If you live in an area where raising chickens is permitted, you may have considered having your own backyard chicken pen. Raising chickens can provide you with fresh eggs every day, which you can either eat at home or sell for a small profit. Learning how to collect, clean, and store chicken eggs can help you make your backyard farm dreams a reality.
Keep the nest clean.
One of the most important factors when you’re raising chickens is keeping their environment clean and conducive to nesting. Make sure the chicken pen is spacious enough to accommodate your chickens and that the nesting area is well-maintained.
Make sure you have at least one nest for every three to four chickens. The nests should be large enough to accommodate your hens.
Use hay or wood shavings as litter in the pen and coop. This will help keep the eggs cleaner and reduce the chances of them being stained by mud or manure.
Nest boxes should be cleaned out at least once every week, and the nesting materials (hay or wood shavings) should be replaced at that time.
Collect eggs twice each morning.
The longer an egg sits in the nest, the greater its chances of becoming broken, dirty, or unsafe to eat. An egg sitting out in extreme hot or cold weather is even more likely to be unsafe to eat, which is why regular collection is important.
Go out to the chicken coop and gather your eggs twice each morning, preferably before noon.
Some experts recommend listening for the sound of hens cackling loudly, as this can indicate that they’re actively laying eggs.
Try to space out your morning collections by a few hours to ensure you get all the eggs that are laid.
Eggs with cracked or broken shells should be discarded immediately. Make sure you do not accidentally mix these eggs in with the ones you are keeping to prevent contamination.
Return for a third collection.
Depending on how many chickens you have and what kind of climate they are laying eggs in, you may need to consider a third collection. This should ideally be done in the late afternoon or early evening. That way your first two collections will gather any eggs laid overnight or in the morning, and your third collection will gather any eggs laid during the afternoon.
Follow the same procedure for evaluating eggs. If any eggs are cracked or broken, discard them immediately.
Prevent your chickens from eating eggs.
Chickens are opportunistic eaters. A chicken won’t know instinctively that she can eat her own eggs, but if she encounters broken eggs she will eventually try them. Chickens who have gotten a taste for eggs will quickly grow to like them, and may even begin breaking and eating eggs on their own.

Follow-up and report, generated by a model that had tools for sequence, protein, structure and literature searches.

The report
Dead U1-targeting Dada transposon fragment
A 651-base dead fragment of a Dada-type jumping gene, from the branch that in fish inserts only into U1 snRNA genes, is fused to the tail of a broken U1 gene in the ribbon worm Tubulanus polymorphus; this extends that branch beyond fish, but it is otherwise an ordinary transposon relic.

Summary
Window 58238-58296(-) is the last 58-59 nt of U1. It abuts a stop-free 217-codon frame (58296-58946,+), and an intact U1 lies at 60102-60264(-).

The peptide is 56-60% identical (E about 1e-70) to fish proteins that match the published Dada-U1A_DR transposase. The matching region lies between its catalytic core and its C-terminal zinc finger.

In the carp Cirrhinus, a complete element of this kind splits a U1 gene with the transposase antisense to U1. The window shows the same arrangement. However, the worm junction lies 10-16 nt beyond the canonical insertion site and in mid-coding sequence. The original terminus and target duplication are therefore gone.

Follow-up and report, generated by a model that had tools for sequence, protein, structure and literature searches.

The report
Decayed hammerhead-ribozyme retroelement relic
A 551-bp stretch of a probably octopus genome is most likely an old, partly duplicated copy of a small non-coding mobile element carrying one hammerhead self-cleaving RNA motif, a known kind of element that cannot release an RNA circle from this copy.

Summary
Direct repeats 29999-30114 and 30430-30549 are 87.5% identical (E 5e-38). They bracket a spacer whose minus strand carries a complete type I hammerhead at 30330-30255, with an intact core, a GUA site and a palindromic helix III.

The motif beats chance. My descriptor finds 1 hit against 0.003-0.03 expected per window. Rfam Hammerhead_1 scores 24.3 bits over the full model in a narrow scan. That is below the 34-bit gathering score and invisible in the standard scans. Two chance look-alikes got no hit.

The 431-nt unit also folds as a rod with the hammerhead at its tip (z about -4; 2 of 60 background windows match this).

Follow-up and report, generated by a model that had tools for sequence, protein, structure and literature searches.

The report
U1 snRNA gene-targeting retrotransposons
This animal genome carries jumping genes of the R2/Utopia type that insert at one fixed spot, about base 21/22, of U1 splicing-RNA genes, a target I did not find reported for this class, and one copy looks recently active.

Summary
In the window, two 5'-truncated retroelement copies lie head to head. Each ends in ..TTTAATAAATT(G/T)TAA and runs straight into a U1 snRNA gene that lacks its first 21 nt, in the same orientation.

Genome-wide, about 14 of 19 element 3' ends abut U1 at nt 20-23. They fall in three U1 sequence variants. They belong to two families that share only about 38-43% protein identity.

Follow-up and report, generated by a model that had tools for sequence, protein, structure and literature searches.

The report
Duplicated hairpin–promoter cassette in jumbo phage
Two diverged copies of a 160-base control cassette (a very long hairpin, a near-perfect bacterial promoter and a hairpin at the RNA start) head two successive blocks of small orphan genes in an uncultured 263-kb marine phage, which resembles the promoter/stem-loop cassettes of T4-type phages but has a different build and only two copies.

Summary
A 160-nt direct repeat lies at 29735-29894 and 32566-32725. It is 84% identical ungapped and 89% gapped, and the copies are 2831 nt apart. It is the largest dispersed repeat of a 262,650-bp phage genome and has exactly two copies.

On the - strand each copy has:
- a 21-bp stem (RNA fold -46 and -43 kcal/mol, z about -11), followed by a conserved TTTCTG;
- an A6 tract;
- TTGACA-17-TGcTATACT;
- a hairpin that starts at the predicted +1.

Remove broken eggs promptly to prevent your chickens from developing a taste for eggs.
Throw out any straw or wood shavings that have egg yolk on them, and replace them with clean straw/shavings. Check for signs of yolk when you collect your eggs each day.
Keep yourself clean and safe.
Raw eggs can carry bacteria, and so can just about anything in a chicken coop. Manure, mud, and even rodents can introduce harmful contaminants to your eggs. It’s extremely important that you keep yourself clean and prevent the risk of disease by maintaining good personal hygiene and having any rodents exterminated.
Do not use poison baits, as these may inadvertently poison your chickens, household pets, and other wildlife.
Call an exterminator to deal with rats and mice so that they do not contaminate your eggs.
Wash your hands with soap and warm water any time you handle eggs (whether or not they’re broken), chickens, their bedding, or anything else from their environment.
Never use your kitchen sink to wash food/water dishes that your chickens use. You may want to also wash your hands in a bathroom or outdoor faucet to avoid contaminating any dishes/cutlery in your kitchen sink.
Gently scrub off debris.
You won’t need to do this with every single egg, but some eggs may be dirtier than others. Whether it’s from mud, manure, or just environmental dirt, sometimes debris can become stuck on an eggshell that won’t come off from mere washing.
Use a brush to scrub dirty eggs clean. You can also use an emery cloth or a piece of fine sandpaper, but these materials will be far more difficult to disinfect.